Ski Lodge is a solo act in all but name. The 'band' now numbers four, but debut album Big Heart was - with the exception of lead single ‘Just To Be Like You’ - entirely written and recorded by multi-instrumentalist Andrew Marr. Whilst his nom de plume may feel somewhat at odds with the summery vibes his music exudes, his real name couldn’t be much more appropriate. You can scratch the forename, after all Big Heart is certainly not the musical equivalent a review of the political comings and goings in the Sunday broadsheets. But the names Marr and Morrissey (and, what the hell, even Rourke and Joyce!) cast a long collective shadow over the twenty-something’s first long player.
Marr’s voice has the lozenge-sucking lugubriousness and emotive warble of Morrissey and I daresay he even affects something of transatlantic accent. His guitar playing has the feather light touch and spritely melodicism of (Johnny) Marr throughout, but also tending towards angular chimes that are as evocative of summery American suburbanites like Real Estate. That might seem like a minor distinction, but it’s a major reason why Ski Lodge (herein referred to in the plural) transcend derivative Anglophilia, no matter how good a Smiths impression they do.
A perfect example of this is album opener ‘Anything To Hurt To’ which couldn’t kick things off in much more American style with its twangy surf-guitar, before Marr showcases the real reason his guitar-playing bears comparison with his namesake, layering jangling rhythm guitars, lithe aqueous earworms and chiming counter-melodies through the verses. It’s all so masterfully arranged and executed that the song never sounds overstuffed, just bristling with easy melody and exuberance befitting the sweet sentiments of chorus (“ I never wanted anything to hurt you”) which the songs title conceals. Along with the sturdy upbeat drums and punchy bass you basically have the musical make-up that sustains Ski Lodge over the duration of Big Heart.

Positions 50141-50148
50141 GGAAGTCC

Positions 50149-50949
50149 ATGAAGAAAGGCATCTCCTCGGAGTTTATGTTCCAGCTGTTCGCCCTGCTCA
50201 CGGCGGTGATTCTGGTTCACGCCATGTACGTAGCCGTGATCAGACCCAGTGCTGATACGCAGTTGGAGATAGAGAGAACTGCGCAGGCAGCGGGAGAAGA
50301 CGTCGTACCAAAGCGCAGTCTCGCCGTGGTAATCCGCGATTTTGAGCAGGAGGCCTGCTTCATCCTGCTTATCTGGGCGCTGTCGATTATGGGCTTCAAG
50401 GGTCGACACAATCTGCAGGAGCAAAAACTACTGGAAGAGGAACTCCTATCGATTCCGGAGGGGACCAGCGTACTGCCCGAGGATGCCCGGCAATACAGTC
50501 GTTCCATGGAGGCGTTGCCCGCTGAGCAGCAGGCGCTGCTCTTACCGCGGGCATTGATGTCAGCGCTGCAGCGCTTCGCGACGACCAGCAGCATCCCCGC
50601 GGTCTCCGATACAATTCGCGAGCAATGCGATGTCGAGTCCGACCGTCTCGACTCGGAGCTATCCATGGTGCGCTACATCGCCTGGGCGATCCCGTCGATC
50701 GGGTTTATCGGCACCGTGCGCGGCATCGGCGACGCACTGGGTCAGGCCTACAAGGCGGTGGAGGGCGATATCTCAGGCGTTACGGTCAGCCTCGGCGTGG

Perhaps what is most impressive about Marr’s talents is the feel of a natural band dynamic which these songs exhibit. The little melodic and rhythmic shifts which this dynamism facilitates provide the record’s highlights. ‘I Always Thought’ alternates between choruses of crashing chords and arch lead, followed by mellifluous lead embellishments which lead to a mid-song breakdown then a pulsating build-up, chiming guitar solos and one final euphoric chorus, all in an thrillingly brisk three and half minutes. ‘Dragging Me to Hell’ seems to be the record’s most laboured pedestrian number, until a sudden drop in pace and key change for the gentle elegiac outro. Conversely, ‘Down on this Southern Tip’ has a fitful energy with crashing piano chords and spritely ascendant guitar licks juxtaposed in tone, but seamless in transition, offering a more nuanced take on the upbeat-music/downbeat-words formula.
The old happy/sad formula is one that Marr is happy to play with and release his inner Morrissey in the process, particularly on the infectious up-tempo shimmer of ‘Looking For a Change’ where Marr croons explicitly “Oh, I’ve been sad, but I have reason don’t I?”, and ‘Does It Bring You Down?’ finds him empathising with a coke-addled academic failure.
Andrew Marr wears both his influences and his heart on his sleeve, but Big Heart> is a record that feels so neatly contained within its little world and of a peace with itself, that you can forgive the odd moment of unintentional hero parody in the lyrics (see ‘Boy’ - “ Bless his soul, he’s well intentioned isn’t he”). The tender piano ballad ‘I Can’t Tell’ feels like a somewhat predictable album closer for a guitar based indie-pop record, but in a way it kind of encapsulates Ski Lodge’s merits; transcending the overt familiarity of their influences with genuine emotional pull and good ol’ fashioned songcraft.
8Neil Ashman's Score